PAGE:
Software projects are notorious for taking longer than expected to deliver. As a result, those projects cost more than expected. Usually the fingers point at project managers in those situations, but that's not always just. In my experience, those original expectations are to blame.
These expectations are unreliable, and often untrue. Hanging your project plan from a scaffolding of unrealistic expectations is dangerous. There is a better way.
You may be familiar with the way manufacturers manage projects. Colleges teach this classical style of project management in most management courses, and it's the go-to approach for most projects in the business world.
Here is an example. A pizza shop manages their business using this manufacturing approach. They build the same product over and over from the same set of ingredients. All of the necessary processes, from the assembly, to cooking and delivery, can be measured and managed predictably.
I’m not in the pizza business, but I’m confident they watch numbers like these at each store:
When you couple these measurements with a few variables, like delivery distance and weather conditions, you can predict with some accuracy how long it takes to create and deliver a pizza.
This style of project management is tried and true for predictable environments where the path to the finished product is relatively constant. But for projects where something new and challenging appears at every bend, like software projects, this style of management falls apart.
Software features are developed using a process for consistent quality control, but those processes don’t predict the production time nearly as accurately as they do in a pizza parlor.
Perhaps a more apt analogy would be that of a transporter.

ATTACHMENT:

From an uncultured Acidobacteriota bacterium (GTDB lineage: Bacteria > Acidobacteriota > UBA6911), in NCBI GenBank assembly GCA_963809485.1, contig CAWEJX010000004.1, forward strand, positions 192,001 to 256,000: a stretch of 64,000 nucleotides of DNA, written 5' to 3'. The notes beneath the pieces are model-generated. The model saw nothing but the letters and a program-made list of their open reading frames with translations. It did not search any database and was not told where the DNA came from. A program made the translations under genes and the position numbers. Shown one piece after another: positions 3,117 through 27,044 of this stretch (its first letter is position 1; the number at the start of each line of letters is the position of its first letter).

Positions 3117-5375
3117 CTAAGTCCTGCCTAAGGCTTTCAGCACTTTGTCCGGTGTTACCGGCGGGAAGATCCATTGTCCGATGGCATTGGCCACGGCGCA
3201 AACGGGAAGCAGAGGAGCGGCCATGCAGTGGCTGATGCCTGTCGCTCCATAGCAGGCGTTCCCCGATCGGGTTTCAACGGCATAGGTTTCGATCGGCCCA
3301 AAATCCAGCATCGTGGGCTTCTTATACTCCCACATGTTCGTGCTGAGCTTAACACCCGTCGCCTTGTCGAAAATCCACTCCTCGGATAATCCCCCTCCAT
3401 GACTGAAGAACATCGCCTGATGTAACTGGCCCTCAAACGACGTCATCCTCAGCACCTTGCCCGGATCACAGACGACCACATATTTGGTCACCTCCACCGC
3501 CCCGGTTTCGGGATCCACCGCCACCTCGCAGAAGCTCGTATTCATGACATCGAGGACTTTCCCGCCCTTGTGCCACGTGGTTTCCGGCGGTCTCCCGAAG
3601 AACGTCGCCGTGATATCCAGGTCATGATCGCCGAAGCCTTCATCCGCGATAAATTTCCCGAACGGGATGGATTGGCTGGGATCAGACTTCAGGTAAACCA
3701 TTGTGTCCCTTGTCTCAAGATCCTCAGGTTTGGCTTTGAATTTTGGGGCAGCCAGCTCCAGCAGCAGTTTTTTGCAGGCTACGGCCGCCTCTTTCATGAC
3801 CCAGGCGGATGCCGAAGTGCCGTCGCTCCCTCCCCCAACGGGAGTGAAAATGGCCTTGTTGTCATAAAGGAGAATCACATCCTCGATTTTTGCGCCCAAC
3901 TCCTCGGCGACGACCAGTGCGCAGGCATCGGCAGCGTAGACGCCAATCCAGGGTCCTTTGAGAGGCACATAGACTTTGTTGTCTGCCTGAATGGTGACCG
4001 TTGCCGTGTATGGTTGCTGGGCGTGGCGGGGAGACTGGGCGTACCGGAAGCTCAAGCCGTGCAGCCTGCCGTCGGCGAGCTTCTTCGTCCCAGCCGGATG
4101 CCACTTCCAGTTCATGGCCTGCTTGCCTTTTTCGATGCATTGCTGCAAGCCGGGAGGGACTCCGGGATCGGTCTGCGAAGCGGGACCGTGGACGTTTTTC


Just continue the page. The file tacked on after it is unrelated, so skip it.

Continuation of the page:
Let's say you were hired to transport a valuable art collection from San Francisco to Paris. That trip involves many round trips, each consisting of several flights, and driving. Each piece of art is different in size, weight, and material. Some are more fragile than others. That journey would involve going through customs, security, and other obstacles. Travel delays, weather conditions, amid many other reasons, can create unpredictable situations which affect the cost and timing.
As a professional transporter, you face these situations all the time. The trip can, and should, be meticulously planned to ensure you can meet the delivery timeframe. You know how many miles to drive, the timing of the flights, the layover between trips and can account for the likely delay scenarios. All of that helps inform expectations of what a reasonable delivery window would be.
Can you guarantee a delivery timeframe for the full collection? It’s not quite that simple, is it?
Despite your best efforts of planning and estimation, ultimately it takes what it takes. Flights are delayed, connections are missed, the artwork had to be scanned for drugs, and so on. Obstacles are unavoidable.
A person with experience will be prepared to handle unexpected situations. You can’t predict what will happen, but as an experienced professional, you are more likely to have encountered those obstacles before. You’ll be less surprised, and more prepared to handle those situations.
The key to wrangling projects to fit within timelines and budgets is to understand what you can control, and what you can’t. Rather than fight a rigid plan, embrace change. As new obstacles and information arise, you communicate progress and collaborate on changes to the plan.
Too often our prospects see this "changing plan" as a "lack of accountability." I appreciate their concern. Predictable costs are crucial to ensuring there's an ROI for the work.
Again, the harsh reality is that it takes what it takes. You can't will five days of work into two. Doing so just creates bigger problems. It introduces silly mistakes as a result of rushing. Much more damaging, it puts you at odds with the development team, which kills morale and almost guarantees slower delivery in the future. As a result, those developers will pad all the estimates they give you from now on to avoid the fight.
Embrace the reality. Our insurance comes from the flexibility to adjust to a 2-day plan when the 5-day plan is no longer feasible. Together, with the team, you can explore ways to deliver a smaller feature that produces the same value, or a way to phase that feature in at a future time.
The most important aspect of any team is the shared motivation to deliver as much value as possible. If you can remove the obstacles that demotivate your team, their loyalty will pay massive dividends on this, and future projects.